Finally, I’ll reveal my secret weapon, a Jedi mind trick used to diffuse potentially uncomfortable situations. I do my best not to lie, but we all find ourselves in situations where someone has said something with which they expect us to agree but when doing so would go against your personal beliefs. That’s where my most handy tool in my arsenal comes in, “That’s understandable” and “That’s reasonable.” Most of the time, even if we disagree with someone, we can employ enough empathy to recognize why they may feel the way they do. At a particularly small company I worked with, the CEO was a very outspoken supporter of Bernie Sanders and would openly, and frequently, voice his support for the man at the workplace. One or two other coworkers who held positions above me were anything but supporters of Sanders, putting me in a potentially awkward situation. When the CEO mentioned Sanders to me, the conversation went something like,

“Bernie is the most honest politician in Washington! That guy is going to make a great President.”
“That makes a lot of sense, I think that the character of the candidates is definitely going to be a big factor this year. Do you like his stance on alternative energy?”
“Yeah man, we really need to be more green”
”Did you see that Google has a tool that shows you how viable solar panels are at a given address? My home actually has a pretty good rating.”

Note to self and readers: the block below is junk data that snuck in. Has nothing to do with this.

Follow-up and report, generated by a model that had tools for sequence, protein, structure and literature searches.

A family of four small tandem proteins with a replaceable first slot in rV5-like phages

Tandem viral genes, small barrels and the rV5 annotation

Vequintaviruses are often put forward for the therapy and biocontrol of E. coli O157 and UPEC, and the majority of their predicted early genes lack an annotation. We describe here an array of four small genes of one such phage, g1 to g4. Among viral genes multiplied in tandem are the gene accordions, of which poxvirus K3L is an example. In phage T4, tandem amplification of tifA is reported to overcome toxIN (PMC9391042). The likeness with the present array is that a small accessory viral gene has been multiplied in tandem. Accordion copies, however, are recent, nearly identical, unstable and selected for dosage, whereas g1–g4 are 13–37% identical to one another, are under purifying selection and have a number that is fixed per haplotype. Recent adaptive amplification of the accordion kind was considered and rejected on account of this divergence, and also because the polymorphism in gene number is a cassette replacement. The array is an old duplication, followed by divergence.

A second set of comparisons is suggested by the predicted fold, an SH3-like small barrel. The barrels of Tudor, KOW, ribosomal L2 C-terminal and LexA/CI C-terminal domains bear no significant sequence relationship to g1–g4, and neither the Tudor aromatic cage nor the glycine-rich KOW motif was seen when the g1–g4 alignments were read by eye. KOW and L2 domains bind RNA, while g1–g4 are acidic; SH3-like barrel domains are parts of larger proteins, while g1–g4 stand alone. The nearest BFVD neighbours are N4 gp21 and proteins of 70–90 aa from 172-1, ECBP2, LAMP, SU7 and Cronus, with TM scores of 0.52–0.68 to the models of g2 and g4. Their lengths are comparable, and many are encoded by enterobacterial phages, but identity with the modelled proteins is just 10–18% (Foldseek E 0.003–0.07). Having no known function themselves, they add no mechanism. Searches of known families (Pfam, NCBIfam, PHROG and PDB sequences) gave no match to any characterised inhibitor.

“Really? Are you going solar?”
“I’m thinking about it. I’m really optimistic about Elon Musk’s solar shingles. I think that the transition from bulky panels to PV tiles is a common sense one. Musk seems like an interesting guy. I really want to get around to reading his book — have you read it?”

My response allowed me to validate the CEO’s opinion — as it was a perfectly reasonable opinion to hold, albeit terribly inappropriate to share at work. At the same time, I never needed to reveal my personal political beliefs (which will remain private!) and I never needed to say anything that might make things awkward with my other peers. I managed to continue the conversation by shifting towards a more safe topic, solar energy and Elon Musk; things that I suspected we’d hold mutual interest.

Go For It!
While you’ll never be prepared for everything, you now have the right outlook and you’re ready to start talking to your clients. You may be tempted to begin creating a list of exactly what this project needs to do, but your next move is actually more important than gathering the requirements. First, you need ensure that you understand the reasoning behind the project and that the stakeholders are confident in your understanding of it.